Miss Clear Annie Cameron, 35, was born on 8 March 1877 in Pendleton, Salford, Lancashirre1, the daughter of Annie and Harry Cameron, a master tailor. Before deciding to go to America to earn more money than in England she worked as personal maid to Lady Ella Oldham, and resided at 46 Hyde Park Gate in London.
She and her friend Nellie Wallcroft had booked passage on another liner but were transferred to the Titanic. They boarded at Southampton and shared a second class cabin for two on E-Deck. To reach their destination Mamaroneck, N.Y., they bought their second class ticket number F.C.C. 13528 for £21.
Miss Cameron had a sister, Janet Gertrude Dowding at 13 Coipaition Road, Bournemouth, England. She corresponded for many years with her. In a letter dated from 21 April 1912 she told her story of the wrecking. She and her friend had retired at 10.30 p.m. for bed and were asleep when the collision occurred. Miss Cameron was awoken by Nellie, who said: "Clear, what's that?". Miss Walcroft was nearly thrown from her bed. Both stayed in their cabin till someone shouted outside: "an iceberg". They dressed and went on deck. After a while they entered lifeboat 14, when fifth officer Lowe used his revolver twice to keep people away from the boat. After lowering Clear took an oar and rowed.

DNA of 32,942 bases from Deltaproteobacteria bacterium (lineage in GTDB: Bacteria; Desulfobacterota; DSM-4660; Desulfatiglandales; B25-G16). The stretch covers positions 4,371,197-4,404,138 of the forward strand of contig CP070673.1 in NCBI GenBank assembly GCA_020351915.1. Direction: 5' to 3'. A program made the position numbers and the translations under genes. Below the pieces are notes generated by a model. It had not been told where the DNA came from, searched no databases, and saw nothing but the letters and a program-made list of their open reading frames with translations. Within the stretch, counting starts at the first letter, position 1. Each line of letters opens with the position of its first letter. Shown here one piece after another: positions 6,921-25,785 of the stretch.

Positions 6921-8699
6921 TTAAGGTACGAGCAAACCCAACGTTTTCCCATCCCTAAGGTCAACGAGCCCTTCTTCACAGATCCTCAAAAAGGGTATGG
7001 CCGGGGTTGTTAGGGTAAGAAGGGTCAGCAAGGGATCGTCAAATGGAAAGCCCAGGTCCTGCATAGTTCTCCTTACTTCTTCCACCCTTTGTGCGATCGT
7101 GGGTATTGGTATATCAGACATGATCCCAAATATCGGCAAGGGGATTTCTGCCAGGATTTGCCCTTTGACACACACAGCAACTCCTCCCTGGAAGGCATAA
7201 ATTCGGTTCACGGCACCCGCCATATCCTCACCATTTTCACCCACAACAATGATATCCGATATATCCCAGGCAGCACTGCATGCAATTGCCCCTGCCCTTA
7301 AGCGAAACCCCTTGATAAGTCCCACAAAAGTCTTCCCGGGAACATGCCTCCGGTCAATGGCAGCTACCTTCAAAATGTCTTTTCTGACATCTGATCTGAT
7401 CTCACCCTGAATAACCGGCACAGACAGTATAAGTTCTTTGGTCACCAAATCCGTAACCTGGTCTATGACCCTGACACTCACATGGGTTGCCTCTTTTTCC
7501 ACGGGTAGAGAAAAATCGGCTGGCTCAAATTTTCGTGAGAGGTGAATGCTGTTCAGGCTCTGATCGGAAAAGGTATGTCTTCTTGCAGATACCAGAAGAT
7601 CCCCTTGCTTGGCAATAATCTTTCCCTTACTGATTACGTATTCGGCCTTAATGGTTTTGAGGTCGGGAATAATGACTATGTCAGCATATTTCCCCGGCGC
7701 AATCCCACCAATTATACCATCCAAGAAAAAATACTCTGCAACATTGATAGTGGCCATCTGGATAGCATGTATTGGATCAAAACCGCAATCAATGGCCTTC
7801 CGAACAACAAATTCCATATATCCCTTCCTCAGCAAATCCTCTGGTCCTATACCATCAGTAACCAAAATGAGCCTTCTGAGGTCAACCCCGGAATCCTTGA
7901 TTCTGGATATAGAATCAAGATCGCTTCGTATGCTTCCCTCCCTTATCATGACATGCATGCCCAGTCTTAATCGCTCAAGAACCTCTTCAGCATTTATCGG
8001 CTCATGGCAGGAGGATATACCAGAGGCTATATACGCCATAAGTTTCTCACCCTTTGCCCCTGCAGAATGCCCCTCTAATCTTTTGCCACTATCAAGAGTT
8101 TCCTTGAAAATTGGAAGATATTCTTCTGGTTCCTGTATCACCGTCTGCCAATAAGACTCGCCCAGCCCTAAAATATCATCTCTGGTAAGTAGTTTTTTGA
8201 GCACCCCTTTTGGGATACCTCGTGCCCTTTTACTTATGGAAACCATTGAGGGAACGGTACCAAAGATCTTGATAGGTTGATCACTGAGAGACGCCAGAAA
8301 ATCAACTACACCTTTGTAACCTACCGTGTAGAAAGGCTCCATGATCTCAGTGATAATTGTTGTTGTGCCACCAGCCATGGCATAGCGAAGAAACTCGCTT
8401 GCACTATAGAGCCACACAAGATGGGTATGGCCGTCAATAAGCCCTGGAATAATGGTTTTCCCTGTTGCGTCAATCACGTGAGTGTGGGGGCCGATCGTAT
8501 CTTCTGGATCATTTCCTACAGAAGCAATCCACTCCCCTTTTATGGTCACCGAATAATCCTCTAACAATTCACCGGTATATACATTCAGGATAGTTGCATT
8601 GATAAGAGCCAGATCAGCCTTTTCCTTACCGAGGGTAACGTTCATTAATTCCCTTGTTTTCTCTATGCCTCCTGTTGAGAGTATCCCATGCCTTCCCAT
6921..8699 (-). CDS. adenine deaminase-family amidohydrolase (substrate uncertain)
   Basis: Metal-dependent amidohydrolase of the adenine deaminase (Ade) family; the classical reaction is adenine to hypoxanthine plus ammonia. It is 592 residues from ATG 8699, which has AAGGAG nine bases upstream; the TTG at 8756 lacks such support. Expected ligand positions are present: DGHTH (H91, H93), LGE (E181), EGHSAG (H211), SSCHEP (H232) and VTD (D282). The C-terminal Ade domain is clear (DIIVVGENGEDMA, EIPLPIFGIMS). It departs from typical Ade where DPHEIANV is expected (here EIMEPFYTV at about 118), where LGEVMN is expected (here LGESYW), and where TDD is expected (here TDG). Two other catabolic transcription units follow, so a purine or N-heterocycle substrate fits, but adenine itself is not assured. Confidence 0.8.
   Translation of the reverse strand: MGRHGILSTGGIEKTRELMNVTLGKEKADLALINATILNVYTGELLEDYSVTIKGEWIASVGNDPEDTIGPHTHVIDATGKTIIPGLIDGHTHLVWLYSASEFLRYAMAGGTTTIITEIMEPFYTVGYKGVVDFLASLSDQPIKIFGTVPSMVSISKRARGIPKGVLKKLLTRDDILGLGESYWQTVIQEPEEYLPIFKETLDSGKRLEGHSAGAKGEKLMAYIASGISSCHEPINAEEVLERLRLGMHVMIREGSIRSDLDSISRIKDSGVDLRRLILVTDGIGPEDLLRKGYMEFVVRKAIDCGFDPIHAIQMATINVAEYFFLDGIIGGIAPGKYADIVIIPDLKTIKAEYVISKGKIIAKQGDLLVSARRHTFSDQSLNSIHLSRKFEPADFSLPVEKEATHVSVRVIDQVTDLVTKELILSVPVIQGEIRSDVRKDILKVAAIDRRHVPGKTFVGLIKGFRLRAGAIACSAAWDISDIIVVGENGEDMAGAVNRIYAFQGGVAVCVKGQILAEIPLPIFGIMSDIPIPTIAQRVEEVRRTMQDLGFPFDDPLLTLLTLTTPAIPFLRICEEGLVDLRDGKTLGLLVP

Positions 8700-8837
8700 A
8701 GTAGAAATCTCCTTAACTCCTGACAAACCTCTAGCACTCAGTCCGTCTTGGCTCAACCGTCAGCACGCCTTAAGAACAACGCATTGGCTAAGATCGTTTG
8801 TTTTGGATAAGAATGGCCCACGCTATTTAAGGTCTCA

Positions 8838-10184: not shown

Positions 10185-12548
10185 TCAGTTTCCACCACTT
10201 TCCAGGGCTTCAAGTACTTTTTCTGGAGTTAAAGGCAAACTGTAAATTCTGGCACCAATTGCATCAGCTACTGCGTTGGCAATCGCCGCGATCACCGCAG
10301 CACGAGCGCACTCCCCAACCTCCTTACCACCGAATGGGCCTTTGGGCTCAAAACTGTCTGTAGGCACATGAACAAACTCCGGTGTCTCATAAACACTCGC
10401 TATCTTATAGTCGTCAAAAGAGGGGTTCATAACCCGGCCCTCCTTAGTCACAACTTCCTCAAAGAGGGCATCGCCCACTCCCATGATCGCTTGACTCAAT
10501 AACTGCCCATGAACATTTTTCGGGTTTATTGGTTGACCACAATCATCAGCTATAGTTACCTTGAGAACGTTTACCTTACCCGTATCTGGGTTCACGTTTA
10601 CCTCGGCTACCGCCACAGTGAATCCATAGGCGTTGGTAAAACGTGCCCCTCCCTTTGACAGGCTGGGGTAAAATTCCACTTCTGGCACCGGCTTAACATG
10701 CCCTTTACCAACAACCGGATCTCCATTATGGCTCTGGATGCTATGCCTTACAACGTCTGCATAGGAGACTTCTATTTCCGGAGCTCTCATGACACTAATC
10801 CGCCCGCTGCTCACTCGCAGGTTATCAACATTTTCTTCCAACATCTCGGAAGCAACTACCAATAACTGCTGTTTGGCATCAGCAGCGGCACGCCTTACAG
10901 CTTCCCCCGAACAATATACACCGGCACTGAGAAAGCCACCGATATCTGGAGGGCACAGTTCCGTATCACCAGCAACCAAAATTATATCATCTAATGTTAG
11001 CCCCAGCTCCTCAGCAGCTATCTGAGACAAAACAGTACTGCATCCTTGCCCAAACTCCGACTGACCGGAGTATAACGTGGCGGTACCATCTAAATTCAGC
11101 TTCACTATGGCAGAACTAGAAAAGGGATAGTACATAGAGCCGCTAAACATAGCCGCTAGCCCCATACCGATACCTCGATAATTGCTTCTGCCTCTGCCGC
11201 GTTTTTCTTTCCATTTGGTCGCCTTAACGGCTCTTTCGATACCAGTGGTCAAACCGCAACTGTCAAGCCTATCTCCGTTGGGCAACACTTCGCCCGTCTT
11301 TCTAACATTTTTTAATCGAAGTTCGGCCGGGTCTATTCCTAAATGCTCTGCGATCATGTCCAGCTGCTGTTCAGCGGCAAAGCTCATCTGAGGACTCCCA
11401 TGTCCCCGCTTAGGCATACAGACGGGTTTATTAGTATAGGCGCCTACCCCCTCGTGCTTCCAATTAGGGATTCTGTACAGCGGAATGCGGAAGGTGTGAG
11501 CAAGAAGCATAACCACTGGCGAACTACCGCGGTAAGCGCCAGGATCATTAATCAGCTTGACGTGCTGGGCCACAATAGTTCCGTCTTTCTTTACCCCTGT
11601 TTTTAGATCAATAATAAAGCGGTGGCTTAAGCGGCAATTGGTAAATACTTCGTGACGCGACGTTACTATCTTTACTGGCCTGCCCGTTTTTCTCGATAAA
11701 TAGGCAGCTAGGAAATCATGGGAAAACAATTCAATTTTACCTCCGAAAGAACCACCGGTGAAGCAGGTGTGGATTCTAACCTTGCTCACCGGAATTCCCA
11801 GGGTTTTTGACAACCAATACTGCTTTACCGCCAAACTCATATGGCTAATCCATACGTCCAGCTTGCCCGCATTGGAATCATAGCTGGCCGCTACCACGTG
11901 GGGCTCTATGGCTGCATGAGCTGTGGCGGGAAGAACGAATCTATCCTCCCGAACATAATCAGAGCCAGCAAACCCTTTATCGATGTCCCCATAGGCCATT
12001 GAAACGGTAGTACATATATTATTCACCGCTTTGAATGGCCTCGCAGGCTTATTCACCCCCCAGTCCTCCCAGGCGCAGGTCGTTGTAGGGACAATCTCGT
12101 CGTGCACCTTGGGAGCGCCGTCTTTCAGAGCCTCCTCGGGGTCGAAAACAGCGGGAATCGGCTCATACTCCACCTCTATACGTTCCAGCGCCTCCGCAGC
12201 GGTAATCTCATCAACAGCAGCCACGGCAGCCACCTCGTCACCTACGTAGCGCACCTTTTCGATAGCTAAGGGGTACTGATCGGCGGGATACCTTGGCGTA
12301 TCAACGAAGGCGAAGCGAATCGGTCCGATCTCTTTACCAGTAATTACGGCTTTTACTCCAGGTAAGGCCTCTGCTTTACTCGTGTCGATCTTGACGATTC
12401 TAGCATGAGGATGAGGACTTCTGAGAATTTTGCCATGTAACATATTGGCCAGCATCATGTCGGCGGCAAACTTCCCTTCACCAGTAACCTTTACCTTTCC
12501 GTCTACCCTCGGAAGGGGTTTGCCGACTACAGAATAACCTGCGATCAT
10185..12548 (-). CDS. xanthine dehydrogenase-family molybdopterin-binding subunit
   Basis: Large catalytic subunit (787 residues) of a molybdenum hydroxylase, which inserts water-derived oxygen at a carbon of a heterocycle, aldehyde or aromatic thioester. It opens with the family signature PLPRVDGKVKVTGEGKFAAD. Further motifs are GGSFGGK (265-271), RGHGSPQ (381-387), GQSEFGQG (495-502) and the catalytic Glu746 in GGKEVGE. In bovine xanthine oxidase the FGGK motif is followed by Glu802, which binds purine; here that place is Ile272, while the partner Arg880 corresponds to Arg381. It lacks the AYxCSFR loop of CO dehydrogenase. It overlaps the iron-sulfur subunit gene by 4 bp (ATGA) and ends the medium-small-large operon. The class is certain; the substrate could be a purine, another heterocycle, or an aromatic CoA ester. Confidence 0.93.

Later in the night they were transferred to boat 10. Rescued by the Carpathia they had to sleep on the floor of the Dining Room. They arrived in New York on 18 April 1912. They were met by Nellie Walcroft's sister and brother-in-law, Mr and Mrs Carl Land of Ruddington Farm, Mamaroneck, N.Y. Mr Land was a chauffeur and had been lent the family car to collect the girls.
Clear Cameron got a job as maid to Mrs Nelson Henry, 59 W. 9th Street, New York. She stayed with the Henrys for about six months. She was paid $25 a month, $5 less than usual therefore she was always looking for a new job. A year later, in October 1913, she was at Haverford, Pennsylvania. From here on what became of her is unknown.
Miss Cameron never received compensation for the loss of her property worth $1071.40.
In America she worked for a Mrs McCawley, in Haverford (Philadelphia).
She later married William Fancis and they returned to England and settled in Tolworth, Surrey.
Clear suffered mental problems for some years and was placed in a psychiatric institution in Woking.
Clear Cameron died on 2 February 1962. She was cremated and her ashes were scattered across the Keats Garden in the Woking St. John Crematorium, Surrey.2
- On the Manifest for the Immigration Officer her age was given by her as 31.
- Her age on the Death register is 78... she was almost 85.
References and Sources
Ted & Dinah Dowding (1997) Clear to America by Titanic - & beyond. Thurso, Scotland.
Caithness Courier, Thurso.
Contract Ticket List, White Star Line 1912 (National Archives, New York; NRAN-21-SDNYCIVCAS-55)
List or Manifest of Alien Passengers for the United States Immigration Officer At Port Of Arrival (Date: 18th-19th June 1912, Ship: Carpathia) - National Archives, NWCTB 85 T715 Vol 4183
Philip Gowan, USA
Ted & Dinah Dowding, UK
Diana Thebaud-Nicholson, USA
Hermann Söldner, Germany
William Wojcik, Canada
Articles and Stories
Maidenhead Advertiser (1912)